Last month, I wrote about the many questions that are part of our business day. To some extent, an audit is all about asking and answering questions about the financials statements of a business and whether or not they accurately reflect the underlying health of that business. The title of this article might surprise many because it actually stems from a comment someone made to me when I mentioned the audit process. They said “that sounds painful”. I suppose some people view the financial audit process as painful and in fact, I suppose that they can be in some cases. But I think there are three important factors to avoid this situation.
First, it’s attitude. One has to review the audit process as an important feedback loop. It’s an opportunity to have an objective review of the financial practices of the business and find opportunities for improvement. If your view is to defend every journal entry you have made throughout the year so that there are no changes, then the process will indeed be painful. If on the other hand, you view it as an opportunity to understand another point of view and reconcile and agree upon any differences, then it becomes about understanding your business better.
Second, it’s important to accept this feedback and work it through your subsequent year’s financial process. It makes no sense to have the auditors provide adjusting journal entries at the end of each year if you continue the same practices as before only to have the auditors make the same adjustments period after period. I recently came across a company that was making payroll entries incorrectly every two weeks. When I questioned this, the person said that the auditors gave them adjusting entries to fix it. I never understand the thinking behind this process. So I asked, “What if we spend thirty minutes and I show you how to do this correctly?” She said, “that would be great, no one’s ever offered to do that for me before!” To me, this makes far more sense. The person doing the work has learned something new and increased their skill set. Management gets a more accurate view of the financial results sooner (rather than waiting for adjustments) and we’ve taken an unnecessary piece of work away from the outside accountants thereby reducing fees.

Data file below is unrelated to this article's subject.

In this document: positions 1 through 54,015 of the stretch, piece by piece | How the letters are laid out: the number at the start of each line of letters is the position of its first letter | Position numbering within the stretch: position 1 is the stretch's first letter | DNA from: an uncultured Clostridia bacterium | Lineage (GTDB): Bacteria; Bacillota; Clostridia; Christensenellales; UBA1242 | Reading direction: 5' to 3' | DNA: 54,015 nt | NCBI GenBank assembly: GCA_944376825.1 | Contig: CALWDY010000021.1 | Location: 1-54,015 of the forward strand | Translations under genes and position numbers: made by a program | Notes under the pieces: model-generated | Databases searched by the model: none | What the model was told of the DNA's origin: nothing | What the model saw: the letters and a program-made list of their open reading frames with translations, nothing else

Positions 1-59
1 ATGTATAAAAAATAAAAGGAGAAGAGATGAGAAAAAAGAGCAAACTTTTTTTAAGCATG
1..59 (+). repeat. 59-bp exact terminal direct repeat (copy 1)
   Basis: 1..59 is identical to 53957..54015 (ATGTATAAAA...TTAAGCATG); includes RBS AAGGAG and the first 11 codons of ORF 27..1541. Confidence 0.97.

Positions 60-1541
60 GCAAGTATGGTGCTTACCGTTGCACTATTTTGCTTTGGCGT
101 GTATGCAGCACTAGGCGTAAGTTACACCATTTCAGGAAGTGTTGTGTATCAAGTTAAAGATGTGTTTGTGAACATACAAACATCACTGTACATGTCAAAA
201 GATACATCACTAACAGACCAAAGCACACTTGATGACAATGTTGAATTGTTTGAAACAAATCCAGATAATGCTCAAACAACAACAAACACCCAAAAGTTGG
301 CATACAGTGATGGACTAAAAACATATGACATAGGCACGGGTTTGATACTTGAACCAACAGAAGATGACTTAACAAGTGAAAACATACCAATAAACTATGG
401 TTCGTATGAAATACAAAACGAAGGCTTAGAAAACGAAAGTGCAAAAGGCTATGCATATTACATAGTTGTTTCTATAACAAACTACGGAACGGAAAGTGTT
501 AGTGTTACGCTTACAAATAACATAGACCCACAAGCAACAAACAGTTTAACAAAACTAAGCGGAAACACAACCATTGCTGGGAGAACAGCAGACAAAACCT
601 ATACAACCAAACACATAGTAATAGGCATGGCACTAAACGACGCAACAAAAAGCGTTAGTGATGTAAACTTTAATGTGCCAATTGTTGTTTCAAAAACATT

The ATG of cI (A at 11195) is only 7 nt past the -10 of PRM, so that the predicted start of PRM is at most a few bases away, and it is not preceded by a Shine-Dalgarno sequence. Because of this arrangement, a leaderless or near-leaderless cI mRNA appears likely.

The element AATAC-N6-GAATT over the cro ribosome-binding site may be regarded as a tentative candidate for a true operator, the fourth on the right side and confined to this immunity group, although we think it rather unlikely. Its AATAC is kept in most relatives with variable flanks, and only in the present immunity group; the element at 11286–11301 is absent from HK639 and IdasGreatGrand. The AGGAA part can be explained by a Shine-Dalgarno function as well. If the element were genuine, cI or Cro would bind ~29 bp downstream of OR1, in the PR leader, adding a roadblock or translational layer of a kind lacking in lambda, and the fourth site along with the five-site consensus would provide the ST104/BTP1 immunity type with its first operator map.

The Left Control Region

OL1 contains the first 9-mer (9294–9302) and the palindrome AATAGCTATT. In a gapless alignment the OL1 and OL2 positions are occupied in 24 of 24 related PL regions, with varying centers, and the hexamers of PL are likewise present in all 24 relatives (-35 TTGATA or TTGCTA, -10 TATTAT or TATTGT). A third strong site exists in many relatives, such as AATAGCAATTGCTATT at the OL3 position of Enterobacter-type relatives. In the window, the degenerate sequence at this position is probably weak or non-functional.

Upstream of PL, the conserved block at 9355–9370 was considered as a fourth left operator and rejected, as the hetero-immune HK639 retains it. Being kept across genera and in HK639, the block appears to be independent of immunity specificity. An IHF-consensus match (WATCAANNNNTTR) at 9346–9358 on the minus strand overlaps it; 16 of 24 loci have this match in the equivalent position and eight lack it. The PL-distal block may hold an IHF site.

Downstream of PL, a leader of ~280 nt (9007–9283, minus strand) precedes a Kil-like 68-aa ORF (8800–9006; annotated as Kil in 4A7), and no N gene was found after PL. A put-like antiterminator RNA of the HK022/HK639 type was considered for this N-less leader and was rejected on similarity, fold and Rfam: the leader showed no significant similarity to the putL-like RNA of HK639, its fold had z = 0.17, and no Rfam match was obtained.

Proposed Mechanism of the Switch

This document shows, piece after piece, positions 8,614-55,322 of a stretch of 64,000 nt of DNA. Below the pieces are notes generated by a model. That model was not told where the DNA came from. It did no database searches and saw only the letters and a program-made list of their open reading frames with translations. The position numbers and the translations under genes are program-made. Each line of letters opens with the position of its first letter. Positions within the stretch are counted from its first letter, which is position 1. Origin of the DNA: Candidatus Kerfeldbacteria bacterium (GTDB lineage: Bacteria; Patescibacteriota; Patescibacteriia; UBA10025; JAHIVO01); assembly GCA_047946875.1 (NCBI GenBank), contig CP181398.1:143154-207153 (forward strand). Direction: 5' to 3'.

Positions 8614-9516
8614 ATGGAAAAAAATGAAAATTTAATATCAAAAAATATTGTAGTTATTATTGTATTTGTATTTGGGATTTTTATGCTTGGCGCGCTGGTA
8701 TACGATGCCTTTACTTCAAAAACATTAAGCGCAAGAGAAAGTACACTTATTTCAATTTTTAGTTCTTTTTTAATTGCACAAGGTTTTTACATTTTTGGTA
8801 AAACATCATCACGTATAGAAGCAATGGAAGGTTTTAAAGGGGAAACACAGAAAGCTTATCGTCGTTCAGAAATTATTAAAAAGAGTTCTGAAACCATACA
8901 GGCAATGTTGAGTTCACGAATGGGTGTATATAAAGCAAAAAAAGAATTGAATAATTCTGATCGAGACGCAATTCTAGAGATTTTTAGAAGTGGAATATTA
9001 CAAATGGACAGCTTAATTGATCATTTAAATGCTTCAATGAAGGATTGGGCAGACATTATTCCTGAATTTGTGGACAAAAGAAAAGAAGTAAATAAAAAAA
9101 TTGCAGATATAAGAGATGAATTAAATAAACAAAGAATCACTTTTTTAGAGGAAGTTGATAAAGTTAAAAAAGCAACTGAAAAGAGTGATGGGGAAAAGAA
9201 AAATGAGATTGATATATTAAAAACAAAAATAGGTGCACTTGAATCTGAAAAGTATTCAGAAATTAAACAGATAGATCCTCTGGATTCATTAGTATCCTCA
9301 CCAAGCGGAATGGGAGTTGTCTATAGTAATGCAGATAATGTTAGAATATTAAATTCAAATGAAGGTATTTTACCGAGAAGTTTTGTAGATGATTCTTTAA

Third, it’s having the “right” auditors for your company. The firm should be able to give your company the attention that you need and staff it with people who take the time to understand your business and are comfortable dealing with the level of complexity that your business entails. No one audit firm is right for all companies. The big firms tend to be overkill for the small companies and small firms can’t handle the complexity or staff to the needs of Fortune 500 companies.
If your firm isn’t helping you move forward, I’d recommend asking business associates for referrals and interviewing other firms. Many of the companies with whom I work are small to medium sized businesses with a fair degree of complexity and need a firm that will take the time to understand the business, can handle relatively complex issues, work hard to improve the process and are sensitive to costs. I’d be happy to recommend just such a firm to anyone who might be interested.
If your business could benefit from fractional CFO services, I would welcome the chance to speak with you. Please give me a call at (314) 863-6637 or send an email to
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Copyright @ 2009 Homza Consulting, Inc.